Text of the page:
This is just the framework for how to experiment. The actual strategies you deploy for working through your work scenario are likely different and better than the strategies I proposed because you know your work situation and yourself best.

2. Communicate your experiments, hypotheses, and results throughout the company
People at your company may wonder why you are acting differently. By writing down your experiments, hypotheses and results, it is easier to communicate with others why you are acting differently. 

However, if your experiment involves other people you are working with, you can’t inform them that you are changing your behavior. If you do, you will be altering multiple variables, rendering your experiment moot. 

For example, if you want your boss to stop showing up late to meetings with you so you decide that you are going to ask your boss’s secretary to schedule their meeting with you for 5 minutes before it is actually supposed to start, if you tell your boss you are doing that, your boss is going to adjust their behavior because they now know this information.

3. Document results so others can learn from you
This is especially important for helping convey why you have an opinion on a matter moving forward. If you properly document your experiments and your results, your perspective will hold much more weight than somebody who is just giving their opinion.

Advice for Leaders at Companies:

  1. Remove “perfectionists”
Anyone who refers to themselves as a perfectionist should be approached with caution and wrangled appropriately. A perfectionist is somebody, based on their current knowledge base and skill set, that will perform the same activity over and over again the exact same way. These people are not interested in learning new ways of doing things because the amount of knowledge they would need to alter their behavior is too great, so any time spent learning a new behavior isn’t worth it. These people are also unwilling to experiment as the fear of making a mistake or not having an experiment align with the hypotheses is too great to overcome.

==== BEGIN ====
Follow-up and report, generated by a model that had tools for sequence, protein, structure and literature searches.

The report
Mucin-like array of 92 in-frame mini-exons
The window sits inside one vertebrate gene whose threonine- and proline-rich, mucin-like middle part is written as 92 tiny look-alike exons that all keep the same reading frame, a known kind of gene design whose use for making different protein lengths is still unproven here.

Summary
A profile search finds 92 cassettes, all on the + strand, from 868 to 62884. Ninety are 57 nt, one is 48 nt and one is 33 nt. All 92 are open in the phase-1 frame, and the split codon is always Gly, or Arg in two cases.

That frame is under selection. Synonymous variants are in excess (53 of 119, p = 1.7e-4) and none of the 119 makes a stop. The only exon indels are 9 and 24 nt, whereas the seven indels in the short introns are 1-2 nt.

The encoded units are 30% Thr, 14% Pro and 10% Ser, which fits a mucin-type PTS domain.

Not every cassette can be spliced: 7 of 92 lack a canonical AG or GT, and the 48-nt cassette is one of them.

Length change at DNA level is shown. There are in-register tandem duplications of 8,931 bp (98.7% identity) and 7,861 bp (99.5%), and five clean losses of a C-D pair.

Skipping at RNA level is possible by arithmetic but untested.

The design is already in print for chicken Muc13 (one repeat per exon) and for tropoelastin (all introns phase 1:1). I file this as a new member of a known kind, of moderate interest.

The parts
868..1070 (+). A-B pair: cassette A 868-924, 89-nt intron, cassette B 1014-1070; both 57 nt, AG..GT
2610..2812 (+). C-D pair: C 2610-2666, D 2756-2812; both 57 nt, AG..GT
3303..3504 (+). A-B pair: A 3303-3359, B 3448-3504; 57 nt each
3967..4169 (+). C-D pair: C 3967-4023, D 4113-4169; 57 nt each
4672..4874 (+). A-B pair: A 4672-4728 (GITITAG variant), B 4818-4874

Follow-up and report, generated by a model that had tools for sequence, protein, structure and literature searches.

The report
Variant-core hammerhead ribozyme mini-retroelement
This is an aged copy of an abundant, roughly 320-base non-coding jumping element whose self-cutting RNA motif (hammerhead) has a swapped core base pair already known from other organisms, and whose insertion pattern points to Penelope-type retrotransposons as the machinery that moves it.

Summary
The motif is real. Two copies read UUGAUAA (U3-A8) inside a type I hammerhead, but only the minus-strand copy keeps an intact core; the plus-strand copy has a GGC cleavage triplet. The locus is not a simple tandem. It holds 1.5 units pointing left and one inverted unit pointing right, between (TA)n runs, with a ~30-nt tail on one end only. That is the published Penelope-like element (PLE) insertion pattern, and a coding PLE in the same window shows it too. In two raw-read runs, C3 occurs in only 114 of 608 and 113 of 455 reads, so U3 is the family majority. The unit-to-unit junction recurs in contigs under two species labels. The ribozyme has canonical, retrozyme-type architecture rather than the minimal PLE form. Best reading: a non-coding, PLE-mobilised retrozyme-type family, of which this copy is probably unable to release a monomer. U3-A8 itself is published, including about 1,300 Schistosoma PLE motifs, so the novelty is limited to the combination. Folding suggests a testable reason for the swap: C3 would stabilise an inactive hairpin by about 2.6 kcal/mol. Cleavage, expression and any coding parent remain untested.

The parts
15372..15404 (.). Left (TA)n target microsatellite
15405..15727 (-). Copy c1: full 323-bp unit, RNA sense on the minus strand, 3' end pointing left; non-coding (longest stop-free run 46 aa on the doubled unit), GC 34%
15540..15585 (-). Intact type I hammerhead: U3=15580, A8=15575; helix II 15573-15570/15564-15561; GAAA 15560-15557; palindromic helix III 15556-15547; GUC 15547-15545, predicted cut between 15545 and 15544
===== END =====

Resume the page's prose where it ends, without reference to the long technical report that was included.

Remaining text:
Perfection is the enemy of progress. Perfectionists will do everything in their power to not change anything because they have spent all of their time and energy becoming “perfect” at one way of acting.

2. Be collaborative when diagnosing failed experiments
When an experiment is tried and it is determined it didn’t work how you were expecting, invite the entire team to participate in the evaluation process of why it failed and what can be tried in the future to achieve different results. 

This also communicates that failure is okay. 

This is particularly important for leading global teams, especially global teams that were raised in societies with different norms and perspectives on mistakes and failed experiments. 

For example, a technical executive was leading a team of software developers, mostly from India. He ended up learning that a member of his team made a mistake months ago but told nobody. He tried to fix it himself, but the problem got worse and eventually the client called him to inform him that they were pulling their contract because of the technical difficulties they were encountering. Some learning lessons he took from this were that he needs to have a process for identifying these errors and that he needs to build a culture where his team feels comfortable being vulnerable, honest and open when a mistake is made.

3. Document then celebrate the learning lessons
Once a failed experiment has been diagnosed, document it for the entire company to learn from. Holding an experiment and learning that the hypothesis didn’t work is fine. But running the same experiment over and over again and achieving the same undesired result, is not fine. Failed experiments shouldn’t be locked in some vault where only the experimenters can reflect on. Failed experiments should be celebrated! This communicates that learning from failure is endorsed by the organization and creates positive memories associated with lessons learned. 

If you are interested in continuing the dialogue, the Ambition In Motion YouTube channel will be hosting weekly live panel sessions until July 27th, 2023 with executives discussing this topic of How to Build a Culture of Embracing Mistakes.

Mon 17 April 2023
With the ChatGPT revolution upon us, many business leaders have been wondering if there can be a productive application of AI (artificial intelligence) within their business.

Sure, AI can help students plagiarize an essay into a good grade,
but can it help companies increase their teams’ productivity?

One option that my team at Ambition In Motion has been testing is
integrating AI into our goal setting system via our AIM Insights program.

Here’s how it works. Every month we ask the direct reports of a
leader to input their goals. We ask direct reports to determine their own goals
(as opposed to the manager) because research shows that people who set their
own goals are much more likely to achieve them.